On Israel and Hamas, South Asian Students Fear Speaking Out

American universities are usually safe spaces to discuss ideas and believes. Students and professors say: not anymore.

columbia university
Students at Columbia University on October 12, 2023 (Heather Chen)

Dayita More


November 15, 2023


8 min

As B*, a Pakistani student at New York University, was walking to class last month, a man almost spat at her. Her friends told her that people had pushed them into subway doors. After October 7, when Hamas killed 1,400 people in Israel and took over 200 people hostage, Muslim students like B*, who wears a hijab and has chosen to remain anonymous, have experienced greater threats to their safety. 

Though college campuses are usually a safe space to discuss politics and new ideas, students worldwide are reporting more tense campus environments. In the U.S., anti-Semitic and Islamophobic incidents in major cities have increased. There were 66 reported anti-Semitic hate crimes in New York City in October, compared to 13 in September. The Council of Islamic Relations has reported a 216% increase in requests for help and reports of bias compared to 2022.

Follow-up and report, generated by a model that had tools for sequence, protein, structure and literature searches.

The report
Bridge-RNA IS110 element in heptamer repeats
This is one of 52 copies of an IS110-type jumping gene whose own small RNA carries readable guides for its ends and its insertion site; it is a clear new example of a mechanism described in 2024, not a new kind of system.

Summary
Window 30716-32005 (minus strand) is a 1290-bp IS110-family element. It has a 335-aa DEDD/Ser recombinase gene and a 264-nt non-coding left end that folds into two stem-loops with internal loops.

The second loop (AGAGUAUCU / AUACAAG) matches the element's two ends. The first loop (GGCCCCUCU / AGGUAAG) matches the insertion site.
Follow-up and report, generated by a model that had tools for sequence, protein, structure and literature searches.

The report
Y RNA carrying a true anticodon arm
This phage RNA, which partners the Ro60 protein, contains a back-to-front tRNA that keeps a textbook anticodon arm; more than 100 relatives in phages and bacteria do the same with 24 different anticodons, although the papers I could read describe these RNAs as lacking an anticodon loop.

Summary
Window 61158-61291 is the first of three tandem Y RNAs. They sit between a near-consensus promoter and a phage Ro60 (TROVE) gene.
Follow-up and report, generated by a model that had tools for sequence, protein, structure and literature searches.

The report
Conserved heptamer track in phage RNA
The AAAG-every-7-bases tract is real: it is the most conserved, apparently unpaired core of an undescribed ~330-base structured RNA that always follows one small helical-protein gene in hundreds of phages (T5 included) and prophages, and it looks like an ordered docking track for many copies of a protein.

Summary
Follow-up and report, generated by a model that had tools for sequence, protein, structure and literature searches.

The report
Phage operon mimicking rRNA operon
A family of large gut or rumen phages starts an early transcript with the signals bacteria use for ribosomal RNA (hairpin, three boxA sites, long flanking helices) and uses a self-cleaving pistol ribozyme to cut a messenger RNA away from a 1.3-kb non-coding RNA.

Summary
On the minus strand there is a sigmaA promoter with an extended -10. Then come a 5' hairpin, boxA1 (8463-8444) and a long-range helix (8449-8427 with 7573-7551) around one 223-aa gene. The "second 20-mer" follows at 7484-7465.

Many students in the U.S., both Jewish and Muslim, have been attending classes online and reducing their online presence, fearing for their safety. Students are also scared to speak out because of doxxing, or when others publish private information about an individual publicly. At Harvard and Columbia, trucks with the names and faces of pro-Palestinian activists have been circulating. The Juggernaut contacted multiple South Asian college students in the U.S., but many declined to speak. Those who did refused to go on the record.

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